During the committee meeting, Taddie asked if any council members opposed unfreezing the salaries. There was no voiced opposition, but there was also no clear consensus on granting pay increases or the size of the increases.
"If anybody has any substitute figures you would like to propose, please share those with me or share the fact you would like to propose them and we can plan accordingly for a committee hearing on this ... anybody who would to recommend something other than what the HR director has proposed," Taddie said.
Two members of council were not in attendance Tuesday night -- At-large member Don Bryant and 2nd Ward Council member Jeff Rock. Both of them have terms that end at the end of December. Given Jefferson's expected opposition on Dec. 17, Assistant Law Director Chris Brown cautioned members.
"I would like to remind City Council that in order for (the pay raise ordinance) to pass as an emergency, it needs a 2/3 affirmative vote of all members elected to council. So that means six members of council must vote for it to take effect in January 2020. So if you look tonight, we have two members absent. If that were the case at the next meeting, all six of those present would have to be in complete agreement or it would not take effect (in the next term).
"Just as a friendly reminder, you may want to contact Mr. Rock and Mr. Bryant if you feel whatever is placed on the floor for final passage is not going to be unanimous," Brown said.
During the public comment portion of the meeting, Deborah Mount of 114 Cliffbrook Drive, warned council not to give pay raises if the city's financial house is not in order. She said council has painted a bleak picture of the city's 2020 budget, pointing out citizens will feel any future cuts in city services.
"If it comes to cutting peoples's positions, I guarantee the citizens are gonna remember that raises were voted for," she said.
In other action Tuesday, City Council:
-- heard a presentation from Lee Tasseff, president of Destination Mansfield-Richland County, regarding the "record-setting" successes the city and and Richland County achieved during 2019, especially the 25th anniversary of the release of the film "Shawshank Redemption," which was filmed at the former Ohio State Reformatory and other locations around the area.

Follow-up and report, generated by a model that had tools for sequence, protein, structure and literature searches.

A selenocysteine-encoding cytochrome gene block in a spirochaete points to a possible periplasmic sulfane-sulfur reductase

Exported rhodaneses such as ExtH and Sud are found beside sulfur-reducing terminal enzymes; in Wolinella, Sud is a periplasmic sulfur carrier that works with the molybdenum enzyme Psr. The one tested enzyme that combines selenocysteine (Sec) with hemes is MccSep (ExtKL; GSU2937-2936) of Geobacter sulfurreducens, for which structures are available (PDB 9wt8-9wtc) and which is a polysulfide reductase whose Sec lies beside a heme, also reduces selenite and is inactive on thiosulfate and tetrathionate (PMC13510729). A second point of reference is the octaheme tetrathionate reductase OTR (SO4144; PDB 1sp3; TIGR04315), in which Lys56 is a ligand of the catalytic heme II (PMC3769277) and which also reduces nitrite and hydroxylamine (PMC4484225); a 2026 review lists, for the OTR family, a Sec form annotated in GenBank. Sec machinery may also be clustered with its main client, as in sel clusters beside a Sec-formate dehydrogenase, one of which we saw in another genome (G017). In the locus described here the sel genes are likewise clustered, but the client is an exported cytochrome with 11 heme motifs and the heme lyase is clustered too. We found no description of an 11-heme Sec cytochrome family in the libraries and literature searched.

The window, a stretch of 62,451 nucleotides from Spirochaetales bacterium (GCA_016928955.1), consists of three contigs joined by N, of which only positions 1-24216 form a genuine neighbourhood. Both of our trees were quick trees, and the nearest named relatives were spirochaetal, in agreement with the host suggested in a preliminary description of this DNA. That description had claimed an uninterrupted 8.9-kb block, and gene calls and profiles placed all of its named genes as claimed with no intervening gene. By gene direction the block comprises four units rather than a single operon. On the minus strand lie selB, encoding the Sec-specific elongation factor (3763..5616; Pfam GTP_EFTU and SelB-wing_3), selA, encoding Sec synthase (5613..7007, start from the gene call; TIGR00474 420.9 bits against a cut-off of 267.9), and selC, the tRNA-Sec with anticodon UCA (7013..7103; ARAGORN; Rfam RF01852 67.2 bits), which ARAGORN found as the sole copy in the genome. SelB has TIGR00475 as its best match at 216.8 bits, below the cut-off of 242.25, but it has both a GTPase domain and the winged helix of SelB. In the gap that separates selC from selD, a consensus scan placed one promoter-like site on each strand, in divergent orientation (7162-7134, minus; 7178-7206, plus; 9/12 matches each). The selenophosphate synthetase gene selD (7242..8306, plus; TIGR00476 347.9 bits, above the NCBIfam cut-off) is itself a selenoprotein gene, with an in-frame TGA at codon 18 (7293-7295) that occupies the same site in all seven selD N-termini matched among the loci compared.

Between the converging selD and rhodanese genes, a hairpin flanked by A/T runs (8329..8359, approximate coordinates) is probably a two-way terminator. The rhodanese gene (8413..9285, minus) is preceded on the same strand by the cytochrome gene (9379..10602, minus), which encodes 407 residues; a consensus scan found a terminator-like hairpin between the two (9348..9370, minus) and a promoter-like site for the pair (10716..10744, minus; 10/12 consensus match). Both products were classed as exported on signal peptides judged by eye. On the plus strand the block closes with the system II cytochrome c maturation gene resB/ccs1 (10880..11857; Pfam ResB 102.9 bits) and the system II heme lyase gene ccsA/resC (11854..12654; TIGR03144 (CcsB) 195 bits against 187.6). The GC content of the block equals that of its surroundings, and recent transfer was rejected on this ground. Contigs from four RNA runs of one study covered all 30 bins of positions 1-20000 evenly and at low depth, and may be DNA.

-- gave a second reading on the city's proposed 2020 temporary budget, which must be approved by the end of the year. It's scheduled for a vote on Dec. 17.
-- voted to approve several mayoral appointments, including Public Works Director David Remy to the board of tax appeals; Juli Parsons to the Shade Tree Commission; Al Berger and Dennis Atkeson to the Airport and Aviation Commission; and Dr. John Leech to the Richland Public Health board.
-- -- vote on a $1,000 flood damage claim for Trina Thompson, who suffered flood damage at her 1180 Boyle Road property. The damage occurred when a pipe burst after Thompson had been told by city workers the water to the structure had been shut off.
-- voted to demolish dilapidated structures at 70 Harker St., 247 E. First St., 278 S. Diamond St., 406 Hammond Ave., 458 N. Mulberry St., and 573-575 Bowman St.
-- voted on a plan to allow Denver Roof, 323 Cairns Road, in Madison Township, to tap into the city water supply/sanitary sewer system. The cost of the effort will be paid by the resident.
-- voted to repeal a chapter of the city's codified ordinances, approved in 1997, concerning cable television regulation.